With the new 520 bridge already doing its floaty thing on Lake Washington, the Seattle Design Commission Monday will present its recommendations for the “rest of the west” portions of the expansion and reinvention of the state route connecting the Eastside and I-5 via Montlake. The full WSDOT menu of planned Seattle-side projects is here:
A morning Seattle City Council briefing will focus on the recommendations with time for public comment before the afternoon full council session. While the Council won’t be voting on legislation or resolutions related to the “rest of the west” plan Monday, the discussion should help set the course for the city’s input on the Seattle-side, $1.64 billion component of the multi-year 520 replacement project.
Much of the Design Commission’s muscle is focused on the design of a planned Montlake lid and the body’s push for “smarter lid” design principles:
• Support innovation by SR 520 team that embraces urban design values for highway project
• Embrace and further expand ‘nature meets city’ concept
• Embed concept and urban design values into RFP
• Resolve long-term maintenance, operation and stewardship following transfer to City
The many elements the SDC is calling for in the lid design include transit features described as “programming opportunities benefit transit riders,” “access point and transfer for bicycles,” and “better connections needed to relocated transit south of lid.”
You can view the full recommendation briefing document below.
Montlake neighbors, meanwhile, are focusing on “transparency” at the Washington Department of Transportation and calling for the agency to be more “open” and to take community needs into consideration when making decisions like the proposed acquisition of the property now home to a popular neighborhood market.
A Montlake community group is also concerned about surface street traffic above 520 and through the neighborhood:
The intersection of SR 520, Montlake Blvd. and Montlake Place is the second busiest intersection in the city. Barbara & Lionel asked the Seattle Design Commission to consider this fact and how this constant traffic and the planned construction will impact the surrounding communities. They hoped the Commission would urge the City to take an active and transparent role in working with WSDOT to protect the integrity of the environment and surrounding neighborhoods. Both the Council and the Mayor’s Office need to be actively involved in the project (design, implementation, and construction) to ensure we build a transportation project, they said.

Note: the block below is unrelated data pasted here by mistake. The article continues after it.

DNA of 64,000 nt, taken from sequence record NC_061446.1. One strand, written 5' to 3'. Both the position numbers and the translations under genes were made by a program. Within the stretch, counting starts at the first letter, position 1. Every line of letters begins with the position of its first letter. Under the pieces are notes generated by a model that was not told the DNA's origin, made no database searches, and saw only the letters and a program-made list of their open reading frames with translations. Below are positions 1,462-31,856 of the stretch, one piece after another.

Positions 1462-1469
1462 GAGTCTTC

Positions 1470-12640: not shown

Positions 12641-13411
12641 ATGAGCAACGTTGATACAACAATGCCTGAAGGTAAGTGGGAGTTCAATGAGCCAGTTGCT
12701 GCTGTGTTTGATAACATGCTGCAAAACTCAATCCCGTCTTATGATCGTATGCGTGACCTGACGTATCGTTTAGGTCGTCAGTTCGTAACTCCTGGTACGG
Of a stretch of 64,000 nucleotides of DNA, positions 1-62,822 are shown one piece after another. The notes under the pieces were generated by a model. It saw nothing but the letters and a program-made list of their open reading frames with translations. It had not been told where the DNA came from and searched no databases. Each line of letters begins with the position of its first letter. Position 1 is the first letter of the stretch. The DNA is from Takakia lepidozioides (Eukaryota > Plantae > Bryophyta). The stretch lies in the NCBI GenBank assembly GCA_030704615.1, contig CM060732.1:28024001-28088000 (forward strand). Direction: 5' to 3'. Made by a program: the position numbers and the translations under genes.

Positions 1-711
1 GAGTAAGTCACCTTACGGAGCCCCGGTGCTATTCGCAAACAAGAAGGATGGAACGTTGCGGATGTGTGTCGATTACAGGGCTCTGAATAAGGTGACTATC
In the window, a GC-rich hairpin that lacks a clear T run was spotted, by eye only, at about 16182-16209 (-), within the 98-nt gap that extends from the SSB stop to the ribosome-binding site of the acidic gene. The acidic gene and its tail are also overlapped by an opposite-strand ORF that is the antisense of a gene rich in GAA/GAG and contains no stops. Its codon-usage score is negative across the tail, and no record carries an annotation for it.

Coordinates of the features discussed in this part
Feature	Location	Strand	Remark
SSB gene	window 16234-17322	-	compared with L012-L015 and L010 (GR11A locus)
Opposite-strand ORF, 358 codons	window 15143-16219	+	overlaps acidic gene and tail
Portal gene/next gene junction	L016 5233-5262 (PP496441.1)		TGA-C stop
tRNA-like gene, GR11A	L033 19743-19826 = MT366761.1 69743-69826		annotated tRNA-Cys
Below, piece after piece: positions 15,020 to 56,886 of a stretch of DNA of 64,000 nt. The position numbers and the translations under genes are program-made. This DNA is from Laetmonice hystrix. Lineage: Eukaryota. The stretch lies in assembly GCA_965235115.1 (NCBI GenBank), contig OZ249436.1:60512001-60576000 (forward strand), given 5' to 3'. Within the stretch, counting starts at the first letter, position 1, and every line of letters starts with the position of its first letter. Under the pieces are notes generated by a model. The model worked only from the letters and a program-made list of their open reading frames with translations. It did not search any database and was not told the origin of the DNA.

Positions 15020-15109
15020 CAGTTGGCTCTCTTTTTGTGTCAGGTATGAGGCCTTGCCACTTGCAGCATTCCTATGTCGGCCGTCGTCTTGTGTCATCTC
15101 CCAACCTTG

Seattle’s The Urbanist group has also noted the future plans for Montlake Blvd — and they’re a little concerned:
Yes, that’s five lanes in the northbound direction. And the southbound direction has four lanes. So that’s an increase of three total lanes over the freeway. But that’s not even the worst part. WSDOT’s drawings that were released to the public do not include the widths on any of the lanes, but if you are thinking they look pretty big, then you’re correct on that as well. We were able to obtain an internal document that shows the widths of the lanes, and that’s the truly terrifying part. Note that this is a city street, not directly part of the freeway project.
Have something to say about “the rest of the west?” If you can’t make it to City Council Monday afternoon, send an email or nine.
Check out the Seattle Design Commission presentation below.